‘City dweller, successful fella’ - Blur’s Dave Rowntree on his switch from pop to politics
- Credit: Wikimedia
To most he is part of a world-famous band; in a small area of Norwich he is also their county councillor. Dave Rowntree of Blur bangs the drum for stepping up. By Rowan Mantell
The rumour among UEA students that the drummer from Blur might pop round for a chat has the ring of an urban myth.
But Dave Rowntree does just that in his county council ward, knocking on doors and occasionally being recognised as the musician who twice headlined Glastonbury, released six consecutive number one albums, won five Brit Awards including best group, album and single of the year and has played huge festivals and arenas around the world.
Becoming a Norfolk county councillor and getting involved in the nitty-gritty of council business, problems with education, traffic, social care or money, seems about as far from the glamour of being in a world-famous band as it is possible to get.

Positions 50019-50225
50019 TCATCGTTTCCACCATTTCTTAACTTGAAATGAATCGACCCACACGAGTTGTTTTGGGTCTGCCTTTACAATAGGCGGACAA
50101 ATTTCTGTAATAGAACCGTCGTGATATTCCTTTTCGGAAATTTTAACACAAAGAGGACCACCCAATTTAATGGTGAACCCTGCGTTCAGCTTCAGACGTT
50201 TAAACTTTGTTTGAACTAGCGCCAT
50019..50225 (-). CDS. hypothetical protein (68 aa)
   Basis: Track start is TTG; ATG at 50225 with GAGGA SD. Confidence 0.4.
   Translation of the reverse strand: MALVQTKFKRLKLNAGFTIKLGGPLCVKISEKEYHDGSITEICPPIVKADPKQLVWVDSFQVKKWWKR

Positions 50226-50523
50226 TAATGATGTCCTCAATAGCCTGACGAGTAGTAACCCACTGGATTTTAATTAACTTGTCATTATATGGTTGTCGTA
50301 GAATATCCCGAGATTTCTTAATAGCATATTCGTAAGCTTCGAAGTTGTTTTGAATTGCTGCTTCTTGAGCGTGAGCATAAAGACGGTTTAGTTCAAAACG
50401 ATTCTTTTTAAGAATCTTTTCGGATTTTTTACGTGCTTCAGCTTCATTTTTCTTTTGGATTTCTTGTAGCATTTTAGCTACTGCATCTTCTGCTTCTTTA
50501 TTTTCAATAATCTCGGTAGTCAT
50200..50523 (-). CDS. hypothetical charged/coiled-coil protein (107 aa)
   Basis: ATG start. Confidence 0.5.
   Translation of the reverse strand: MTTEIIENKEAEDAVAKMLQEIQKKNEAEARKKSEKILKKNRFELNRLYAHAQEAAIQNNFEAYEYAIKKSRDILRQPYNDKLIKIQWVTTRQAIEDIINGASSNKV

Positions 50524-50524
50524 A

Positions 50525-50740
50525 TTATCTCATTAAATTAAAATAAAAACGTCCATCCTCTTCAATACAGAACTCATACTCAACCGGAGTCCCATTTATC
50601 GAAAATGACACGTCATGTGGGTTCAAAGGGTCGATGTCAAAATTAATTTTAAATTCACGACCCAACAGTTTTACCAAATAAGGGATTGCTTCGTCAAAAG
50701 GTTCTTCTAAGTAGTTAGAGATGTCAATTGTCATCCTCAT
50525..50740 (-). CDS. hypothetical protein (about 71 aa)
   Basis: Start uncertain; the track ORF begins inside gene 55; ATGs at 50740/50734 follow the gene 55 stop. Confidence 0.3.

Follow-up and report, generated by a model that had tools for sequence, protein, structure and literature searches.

But for Dave, being a musician and a Labour activist are part of who he is - alongside being a lawyer, composer, computer programmer, radio presenter and computer and TV animator.
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“I have never known what I wanted to do when I grew up!” he said. “I always do whatever seems interesting at the time. I don’t have a plan.”
What didn’t seem interesting, growing up in a musical family in Essex, was piano lessons. “I grew up playing classical piano, which I absolutely hated,” he said. Then he discovered drums. “From the first time I picked up drum sticks I absolutely adored it.”
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His first job was as a computer programmer. Then Damon Albarn asked him to join his band. As Blur, Dave, Damon, Alex James and Graham Coxon had huge success. From the release of multi-platinum Parklife in 1994, every one of their studio albums has topped the British charts.
For Dave, some of the most memorable moments include their first big show. “We did our own kind of mini festival in East London and it was the first proper big gig we had played. It was my first experience of doing that kind of thing and I just got blown away by it.”